Our lives are made up of forecasting – and while planning doesn’t eliminate uncertainties, it does help us prepare for them.
We check the weather report before scheduling an outdoor lunch. We shift our workouts to the morning after weeks of skipping them in the afternoon. We seek out new professional skills when we want to make ourselves more marketable.
And in sales, we forecast the year ahead to set and track realistic revenue goals.
Forecasting helps our associations plan for growth. We can expand our teams and develop new programs when we reach our revenue targets. Or we can scale back and adapt product offerings when it’s clear we are falling short. And when economic uncertainty appears, forecasting helps our business development teams regain control.
“All the things we used to lean on – the consistency of reaching customers at a certain time period, the consistency of them at the same level of investment, the products, the way we work with teams – all of that is beginning to change and take a new direction,” says Sean Soth, Leadership Advisory Board Chair for the Professionals for Association Revenue.
Whether your team is already forecasting or needs a reset, here are four ways to focus your forecast.
1. Identify the current performance for all products.
Identify all revenue-generating products in your portfolio and begin tracking the numbers for each category. Be as specific as possible. Instead of identifying your overall advertising performance, break it into each channel of media (print, website, e-news, etc).
“Every sales meeting should begin by identifying these numbers and it should be something we come back to regularly,” says Soth.
2. Identify products sold the year (or two) before.
Accurate forecasting begins by understanding the history of our products. It helps our teams understand where to adjust and draws our attention to any risk factors such as underperforming digital metrics or changing market forces within a specific vertical.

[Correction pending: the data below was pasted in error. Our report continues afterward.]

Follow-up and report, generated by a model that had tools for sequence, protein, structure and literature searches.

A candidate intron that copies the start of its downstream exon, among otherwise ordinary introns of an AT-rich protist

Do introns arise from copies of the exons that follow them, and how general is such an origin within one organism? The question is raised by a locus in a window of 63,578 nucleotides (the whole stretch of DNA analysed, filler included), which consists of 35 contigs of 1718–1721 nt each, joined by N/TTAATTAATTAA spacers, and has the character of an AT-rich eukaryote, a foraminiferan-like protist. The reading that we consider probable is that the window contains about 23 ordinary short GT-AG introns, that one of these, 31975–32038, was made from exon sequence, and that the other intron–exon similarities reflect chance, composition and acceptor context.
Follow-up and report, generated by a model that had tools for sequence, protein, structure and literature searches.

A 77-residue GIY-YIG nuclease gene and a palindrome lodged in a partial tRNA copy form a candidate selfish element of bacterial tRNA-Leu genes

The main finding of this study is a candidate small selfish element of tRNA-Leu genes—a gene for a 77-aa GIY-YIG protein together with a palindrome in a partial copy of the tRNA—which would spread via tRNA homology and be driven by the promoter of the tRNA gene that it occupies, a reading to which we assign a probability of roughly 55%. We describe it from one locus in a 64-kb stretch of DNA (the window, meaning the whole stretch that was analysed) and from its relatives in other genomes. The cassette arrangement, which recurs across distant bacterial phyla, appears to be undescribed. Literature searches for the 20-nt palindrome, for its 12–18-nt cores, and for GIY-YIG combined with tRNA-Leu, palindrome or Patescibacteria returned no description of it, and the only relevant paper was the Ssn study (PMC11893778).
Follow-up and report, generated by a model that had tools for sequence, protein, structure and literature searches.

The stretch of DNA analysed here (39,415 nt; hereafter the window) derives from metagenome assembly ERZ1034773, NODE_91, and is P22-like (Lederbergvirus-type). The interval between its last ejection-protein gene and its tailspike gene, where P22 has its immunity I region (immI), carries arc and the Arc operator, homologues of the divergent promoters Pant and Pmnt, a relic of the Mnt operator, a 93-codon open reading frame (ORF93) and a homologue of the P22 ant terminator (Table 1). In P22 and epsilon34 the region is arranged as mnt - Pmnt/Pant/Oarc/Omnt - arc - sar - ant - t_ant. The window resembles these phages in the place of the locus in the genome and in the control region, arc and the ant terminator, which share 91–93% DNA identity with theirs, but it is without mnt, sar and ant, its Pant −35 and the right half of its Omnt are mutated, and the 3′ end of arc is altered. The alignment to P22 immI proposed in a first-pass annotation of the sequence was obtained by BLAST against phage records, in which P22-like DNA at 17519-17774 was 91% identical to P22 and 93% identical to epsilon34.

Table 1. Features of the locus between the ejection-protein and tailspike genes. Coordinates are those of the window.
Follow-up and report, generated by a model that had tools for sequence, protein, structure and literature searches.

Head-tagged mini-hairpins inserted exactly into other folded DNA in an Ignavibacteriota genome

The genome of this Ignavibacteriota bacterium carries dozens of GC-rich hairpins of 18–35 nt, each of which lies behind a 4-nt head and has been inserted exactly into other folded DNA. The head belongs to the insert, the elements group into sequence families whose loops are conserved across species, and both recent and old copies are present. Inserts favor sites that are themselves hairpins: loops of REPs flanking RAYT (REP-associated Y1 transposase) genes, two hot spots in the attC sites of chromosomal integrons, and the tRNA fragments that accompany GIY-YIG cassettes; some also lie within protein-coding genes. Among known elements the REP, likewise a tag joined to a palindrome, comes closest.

Additionally, take time to consider the effort that goes into selling each product. If a product demands a lot of time and resources but generates minimal revenue, work to adapt or eliminate the product all together.
3. Note the number of customers who purchased each product.
Understanding how many customers are contributing to a product’s revenue helps you assess its overall transactional health. Are a few customers generating most of the product’s revenue or do you have a diversified customer base? Diversification is important, but also consider the amount of revenue generated by your largest customers.
“You need diversification of customers and smaller customers that you can develop into bigger ones, but it’s important to recognize the effort you are putting in and that. There are only a certain number of customers that are going to give you most of your revenue,” says Tom Egan, VP of Industry Services for the Association of Packaging and Processing (PMMI).
4. Balance renewals with new clients.
If a large chunk of your business comes from renewals, you may feel confident in an established customer base. While your forecast should reflect these returning client spends, also take into consideration how you can grow sales through targeted efforts to reach new clients. Grow renewal investments with specialized packaging and product launches.